Superstar chef Michael Symon's Thanksgiving menu draws from his Greek-Italian-Eastern European-Midwestern heritage.
Food & Wine
October 17, 2012
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Michael Symon begins Thanksgiving with this tangle of multicolored vegetables—radishes, golden beet and carrots—tossed with a lemon-dill dressing. Because they’re served raw, the vegetables should be sliced very thin, in a food processor or preferably on a mandoline. Symon recommends using a Greek feta for the salad’s cheese garnish, because he likes that Greek feta is saltier than some others.
Lots of people brine their turkeys. Not Symon, who thinks brining makes the bird a little rubbery. He salts his bird well and refrigerates it overnight to season it. Before roasting, he covers the breast and legs with cheesecloth that's been soaked in a cider-infused butter. For his beer-spiked gravy, Symon recommends the German-style Dortmunder Gold, made by Great Lakes Brewing Company, from his home state of Ohio.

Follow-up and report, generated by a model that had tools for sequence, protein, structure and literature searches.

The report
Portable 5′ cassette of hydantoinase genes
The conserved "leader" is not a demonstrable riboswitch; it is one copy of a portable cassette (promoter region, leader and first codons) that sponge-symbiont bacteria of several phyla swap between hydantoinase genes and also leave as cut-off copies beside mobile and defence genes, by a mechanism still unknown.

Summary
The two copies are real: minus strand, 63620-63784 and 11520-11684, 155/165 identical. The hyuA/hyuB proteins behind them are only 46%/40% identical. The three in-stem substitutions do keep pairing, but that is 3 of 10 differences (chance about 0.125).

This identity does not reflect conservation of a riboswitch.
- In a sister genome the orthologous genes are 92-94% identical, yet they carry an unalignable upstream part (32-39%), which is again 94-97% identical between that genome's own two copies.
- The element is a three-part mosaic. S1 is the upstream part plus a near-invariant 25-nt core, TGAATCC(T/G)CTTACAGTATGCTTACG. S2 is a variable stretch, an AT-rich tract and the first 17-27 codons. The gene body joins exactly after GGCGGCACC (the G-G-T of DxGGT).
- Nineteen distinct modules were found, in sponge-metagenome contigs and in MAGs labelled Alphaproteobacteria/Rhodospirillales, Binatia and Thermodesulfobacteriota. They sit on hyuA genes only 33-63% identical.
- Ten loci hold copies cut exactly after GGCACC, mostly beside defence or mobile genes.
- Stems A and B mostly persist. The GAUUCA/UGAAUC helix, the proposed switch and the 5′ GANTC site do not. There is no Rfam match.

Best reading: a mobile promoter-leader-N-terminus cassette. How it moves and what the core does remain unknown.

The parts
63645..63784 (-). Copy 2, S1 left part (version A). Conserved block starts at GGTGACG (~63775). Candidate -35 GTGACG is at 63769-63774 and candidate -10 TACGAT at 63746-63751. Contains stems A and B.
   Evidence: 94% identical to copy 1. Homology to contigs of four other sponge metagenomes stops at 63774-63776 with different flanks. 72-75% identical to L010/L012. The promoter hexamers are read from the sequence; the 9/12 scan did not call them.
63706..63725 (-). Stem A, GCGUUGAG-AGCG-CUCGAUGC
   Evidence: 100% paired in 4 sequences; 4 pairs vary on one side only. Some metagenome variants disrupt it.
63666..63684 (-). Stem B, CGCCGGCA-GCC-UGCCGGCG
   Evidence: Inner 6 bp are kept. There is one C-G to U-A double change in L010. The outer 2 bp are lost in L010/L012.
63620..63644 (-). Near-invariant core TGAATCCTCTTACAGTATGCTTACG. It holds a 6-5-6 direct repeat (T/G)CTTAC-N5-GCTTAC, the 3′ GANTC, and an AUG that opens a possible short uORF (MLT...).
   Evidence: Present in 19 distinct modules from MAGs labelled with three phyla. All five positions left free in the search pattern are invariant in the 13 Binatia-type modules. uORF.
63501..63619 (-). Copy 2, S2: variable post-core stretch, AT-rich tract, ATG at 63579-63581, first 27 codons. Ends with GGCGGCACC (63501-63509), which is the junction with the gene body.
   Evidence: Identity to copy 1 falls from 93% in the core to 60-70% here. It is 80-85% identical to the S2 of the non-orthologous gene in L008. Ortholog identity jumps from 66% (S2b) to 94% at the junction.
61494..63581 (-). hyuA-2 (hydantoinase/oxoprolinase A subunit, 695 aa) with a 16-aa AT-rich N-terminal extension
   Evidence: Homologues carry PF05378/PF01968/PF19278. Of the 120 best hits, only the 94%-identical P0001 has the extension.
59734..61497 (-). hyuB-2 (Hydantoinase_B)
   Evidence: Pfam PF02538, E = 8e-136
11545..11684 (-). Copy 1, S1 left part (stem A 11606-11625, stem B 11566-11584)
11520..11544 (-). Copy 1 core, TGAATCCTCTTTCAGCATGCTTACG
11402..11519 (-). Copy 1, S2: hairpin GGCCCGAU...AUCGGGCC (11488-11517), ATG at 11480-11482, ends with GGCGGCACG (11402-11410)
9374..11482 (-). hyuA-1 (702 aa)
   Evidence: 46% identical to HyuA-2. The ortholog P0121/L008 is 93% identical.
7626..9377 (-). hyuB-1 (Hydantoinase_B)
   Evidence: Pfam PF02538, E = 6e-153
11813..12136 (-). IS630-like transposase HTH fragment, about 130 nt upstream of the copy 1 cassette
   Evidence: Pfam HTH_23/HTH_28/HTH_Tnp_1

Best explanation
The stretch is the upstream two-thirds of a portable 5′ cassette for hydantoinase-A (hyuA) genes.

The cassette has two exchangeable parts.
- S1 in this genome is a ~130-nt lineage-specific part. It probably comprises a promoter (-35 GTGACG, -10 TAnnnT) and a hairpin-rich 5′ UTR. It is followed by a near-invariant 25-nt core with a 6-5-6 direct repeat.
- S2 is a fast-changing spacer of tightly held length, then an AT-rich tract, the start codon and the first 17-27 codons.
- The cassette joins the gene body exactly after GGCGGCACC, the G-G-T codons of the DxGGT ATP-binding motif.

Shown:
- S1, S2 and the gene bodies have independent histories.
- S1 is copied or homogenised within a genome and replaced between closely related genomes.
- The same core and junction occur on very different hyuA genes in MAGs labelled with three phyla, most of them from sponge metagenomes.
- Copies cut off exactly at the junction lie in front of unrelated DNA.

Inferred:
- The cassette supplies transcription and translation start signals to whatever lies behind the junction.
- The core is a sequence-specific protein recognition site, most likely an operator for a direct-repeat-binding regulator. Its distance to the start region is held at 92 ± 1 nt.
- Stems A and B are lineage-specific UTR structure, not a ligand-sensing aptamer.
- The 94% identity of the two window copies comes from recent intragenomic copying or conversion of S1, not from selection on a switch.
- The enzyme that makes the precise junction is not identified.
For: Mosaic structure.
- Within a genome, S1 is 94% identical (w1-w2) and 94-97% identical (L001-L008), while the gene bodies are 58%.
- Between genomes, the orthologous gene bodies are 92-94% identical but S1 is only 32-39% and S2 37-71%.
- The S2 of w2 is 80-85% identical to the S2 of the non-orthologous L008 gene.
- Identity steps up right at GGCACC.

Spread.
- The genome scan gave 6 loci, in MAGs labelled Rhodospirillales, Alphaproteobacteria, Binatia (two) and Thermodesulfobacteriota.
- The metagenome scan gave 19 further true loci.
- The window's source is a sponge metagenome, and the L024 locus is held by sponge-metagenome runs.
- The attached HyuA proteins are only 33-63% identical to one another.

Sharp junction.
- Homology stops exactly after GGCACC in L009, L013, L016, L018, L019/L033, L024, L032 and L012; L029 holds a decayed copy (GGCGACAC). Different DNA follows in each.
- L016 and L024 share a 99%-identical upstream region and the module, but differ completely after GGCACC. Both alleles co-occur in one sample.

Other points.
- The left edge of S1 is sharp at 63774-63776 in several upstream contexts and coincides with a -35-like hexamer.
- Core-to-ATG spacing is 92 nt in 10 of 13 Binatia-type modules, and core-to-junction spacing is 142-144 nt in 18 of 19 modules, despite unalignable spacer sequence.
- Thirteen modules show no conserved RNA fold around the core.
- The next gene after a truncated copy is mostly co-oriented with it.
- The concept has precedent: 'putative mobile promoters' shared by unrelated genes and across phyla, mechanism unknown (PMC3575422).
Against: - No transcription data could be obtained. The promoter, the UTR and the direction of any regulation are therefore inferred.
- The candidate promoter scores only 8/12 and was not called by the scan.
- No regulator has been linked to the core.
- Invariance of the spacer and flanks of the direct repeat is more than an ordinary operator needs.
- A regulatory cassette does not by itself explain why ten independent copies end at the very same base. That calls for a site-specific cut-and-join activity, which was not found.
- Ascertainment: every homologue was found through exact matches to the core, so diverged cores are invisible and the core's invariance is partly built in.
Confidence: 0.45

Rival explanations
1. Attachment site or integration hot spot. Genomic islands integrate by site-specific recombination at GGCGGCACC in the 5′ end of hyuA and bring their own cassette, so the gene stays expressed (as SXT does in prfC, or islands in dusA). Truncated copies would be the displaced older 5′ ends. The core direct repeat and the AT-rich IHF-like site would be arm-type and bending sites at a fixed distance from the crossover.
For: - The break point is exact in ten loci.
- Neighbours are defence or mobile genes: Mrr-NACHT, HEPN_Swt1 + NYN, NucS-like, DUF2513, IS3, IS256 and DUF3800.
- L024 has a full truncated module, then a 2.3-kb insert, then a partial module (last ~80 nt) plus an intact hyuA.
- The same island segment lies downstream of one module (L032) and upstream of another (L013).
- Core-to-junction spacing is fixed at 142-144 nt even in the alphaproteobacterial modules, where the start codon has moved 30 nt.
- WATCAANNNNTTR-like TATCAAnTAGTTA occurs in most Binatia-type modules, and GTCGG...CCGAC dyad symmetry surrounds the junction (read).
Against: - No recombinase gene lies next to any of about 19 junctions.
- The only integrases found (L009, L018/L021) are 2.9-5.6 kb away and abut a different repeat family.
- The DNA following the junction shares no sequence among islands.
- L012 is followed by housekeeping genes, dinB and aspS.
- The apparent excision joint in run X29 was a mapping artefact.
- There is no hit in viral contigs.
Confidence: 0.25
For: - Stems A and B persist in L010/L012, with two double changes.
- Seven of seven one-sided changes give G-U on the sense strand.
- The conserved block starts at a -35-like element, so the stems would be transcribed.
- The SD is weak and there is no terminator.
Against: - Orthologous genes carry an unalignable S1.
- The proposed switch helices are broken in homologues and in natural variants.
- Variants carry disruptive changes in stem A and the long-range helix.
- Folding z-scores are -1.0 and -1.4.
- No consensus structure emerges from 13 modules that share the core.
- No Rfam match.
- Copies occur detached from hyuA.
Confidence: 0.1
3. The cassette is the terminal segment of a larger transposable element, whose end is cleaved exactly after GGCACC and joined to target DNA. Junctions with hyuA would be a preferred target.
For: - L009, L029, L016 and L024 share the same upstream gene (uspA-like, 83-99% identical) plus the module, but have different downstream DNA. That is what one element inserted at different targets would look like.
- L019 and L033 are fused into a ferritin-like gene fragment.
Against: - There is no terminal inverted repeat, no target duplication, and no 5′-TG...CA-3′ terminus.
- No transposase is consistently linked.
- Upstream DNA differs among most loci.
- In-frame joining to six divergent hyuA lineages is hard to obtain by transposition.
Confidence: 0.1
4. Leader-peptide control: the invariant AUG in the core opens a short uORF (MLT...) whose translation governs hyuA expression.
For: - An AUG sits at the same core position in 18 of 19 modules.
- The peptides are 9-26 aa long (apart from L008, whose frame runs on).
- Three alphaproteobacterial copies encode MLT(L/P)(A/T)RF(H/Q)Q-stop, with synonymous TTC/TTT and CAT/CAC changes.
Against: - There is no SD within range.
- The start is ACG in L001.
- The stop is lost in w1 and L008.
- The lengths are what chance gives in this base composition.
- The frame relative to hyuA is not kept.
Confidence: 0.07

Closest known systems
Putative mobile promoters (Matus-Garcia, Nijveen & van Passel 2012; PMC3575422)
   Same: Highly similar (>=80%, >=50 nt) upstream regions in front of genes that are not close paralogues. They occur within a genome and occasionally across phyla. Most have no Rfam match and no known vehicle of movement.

A mix of sautéed wild mushrooms adds lots of texture to this stuffing; lemon juice and zest make it tangy. The mushroom stuffing can be made vegetarian-friendly simply by replacing the chicken stock with vegetable stock.
Symon usually doesn’t make dessert for holidays. Still, his version of this classic is great after a big meal because it isn’t too sweet or too heavy. He layers brioche bread crumbs with sliced apples and a cinnamon-citrus sugar, baking everything together so it becomes wonderfully soft.